LEF1/TCF transcription factors and their activator β-catenin are effectors of the canonical Wnt pathway. Although Wnt/β-catenin signaling has been implicated in neurodegenerative and psychiatric disorders, its possible role in the adult brain remains enigmatic. To address this issue, we sought to identify the genetic program activated by β-catenin in neurons. We recently showed that β-catenin accumulates specifically in thalamic neurons where it activates Cacna1g gene expression. In the present study, we combined bioinformatics and experimental approaches to find new β-catenin targets in the adult thalamus.
We first selected the genes with at least two conserved LEF/TCF motifs within the regulatory elements. The resulting list of 428 putative LEF1/TCF targets was significantly enriched in known Wnt targets, validating our approach. Functional annotation of the presumed targets also revealed a group of 41 genes, heretofore not associated with Wnt pathway activity, that encode proteins involved in neuronal signal transmission. Using custom polymerase chain reaction arrays, we profiled the expression of these genes in the rat forebrain. We found that nine of the analyzed genes were highly expressed in the thalamus compared with the cortex and hippocampus. Removal of nuclear β-catenin from thalamic neurons in vitro by introducing its negative regulator Axin2 reduced the expression of six of the nine genes. Immunoprecipitation of chromatin from the brain tissues confirmed the interaction between β-catenin and some of the predicted LEF1/TCF motifs. The results of these experiments validated four genes as authentic and direct targets of β-catenin: Gabra3 for the receptor of GABA neurotransmitter, Calb2 for the Ca 2+-binding protein calretinin, and the Cacna1g and Kcna6 genes for voltage-gated ion channels. Two other genes from the latter cluster, Cacna2d2 and Kcnh8, appeared to be regulated by β-catenin, although the binding of β-catenin to the regulatory sequences of these genes could not be confirmed.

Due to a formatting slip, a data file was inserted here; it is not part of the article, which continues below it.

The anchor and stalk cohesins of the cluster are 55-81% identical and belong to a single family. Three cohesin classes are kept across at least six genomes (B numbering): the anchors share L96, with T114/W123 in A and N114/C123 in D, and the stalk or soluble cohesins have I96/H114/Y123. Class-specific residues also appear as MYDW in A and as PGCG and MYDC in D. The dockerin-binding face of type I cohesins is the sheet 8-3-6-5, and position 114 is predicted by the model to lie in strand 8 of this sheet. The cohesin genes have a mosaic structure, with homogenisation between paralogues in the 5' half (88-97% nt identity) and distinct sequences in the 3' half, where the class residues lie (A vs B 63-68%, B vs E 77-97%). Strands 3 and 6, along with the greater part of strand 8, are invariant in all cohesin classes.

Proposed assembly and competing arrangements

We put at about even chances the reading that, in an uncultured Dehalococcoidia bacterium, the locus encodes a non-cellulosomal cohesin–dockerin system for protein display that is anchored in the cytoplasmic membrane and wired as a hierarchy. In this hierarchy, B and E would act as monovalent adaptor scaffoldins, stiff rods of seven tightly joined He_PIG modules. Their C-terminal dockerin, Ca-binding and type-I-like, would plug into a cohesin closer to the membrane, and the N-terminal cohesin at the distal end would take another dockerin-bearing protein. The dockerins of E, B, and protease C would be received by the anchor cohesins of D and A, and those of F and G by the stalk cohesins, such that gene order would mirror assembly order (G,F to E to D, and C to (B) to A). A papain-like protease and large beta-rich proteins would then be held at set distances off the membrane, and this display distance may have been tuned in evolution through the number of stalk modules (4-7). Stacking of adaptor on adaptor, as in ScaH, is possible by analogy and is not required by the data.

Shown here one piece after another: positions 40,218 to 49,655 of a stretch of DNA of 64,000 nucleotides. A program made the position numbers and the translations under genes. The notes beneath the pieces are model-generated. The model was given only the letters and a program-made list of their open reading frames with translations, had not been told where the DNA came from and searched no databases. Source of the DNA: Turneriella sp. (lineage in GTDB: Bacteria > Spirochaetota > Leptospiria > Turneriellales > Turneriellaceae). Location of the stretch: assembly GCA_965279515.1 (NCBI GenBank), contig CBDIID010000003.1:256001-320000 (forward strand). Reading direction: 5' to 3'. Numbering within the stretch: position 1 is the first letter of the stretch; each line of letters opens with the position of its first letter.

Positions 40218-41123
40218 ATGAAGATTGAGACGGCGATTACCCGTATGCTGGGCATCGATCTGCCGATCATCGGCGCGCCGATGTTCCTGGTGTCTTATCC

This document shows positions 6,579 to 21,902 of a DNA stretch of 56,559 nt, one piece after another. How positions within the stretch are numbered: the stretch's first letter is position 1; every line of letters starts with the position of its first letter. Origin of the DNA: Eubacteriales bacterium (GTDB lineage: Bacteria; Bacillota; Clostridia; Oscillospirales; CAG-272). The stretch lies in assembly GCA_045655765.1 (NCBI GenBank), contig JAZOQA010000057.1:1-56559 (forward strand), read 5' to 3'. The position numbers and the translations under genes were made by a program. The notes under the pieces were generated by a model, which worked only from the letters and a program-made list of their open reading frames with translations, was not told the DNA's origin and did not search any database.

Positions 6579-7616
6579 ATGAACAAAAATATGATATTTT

In the thalamus, β-catenin regulates the expression of a novel group of genes that encode proteins involved in neuronal excitation. This implies that the transcriptional activity of β-catenin is necessary for the proper excitability of thalamic neurons, may influence activity in the thalamocortical circuit, and may contribute to thalamic pathologies.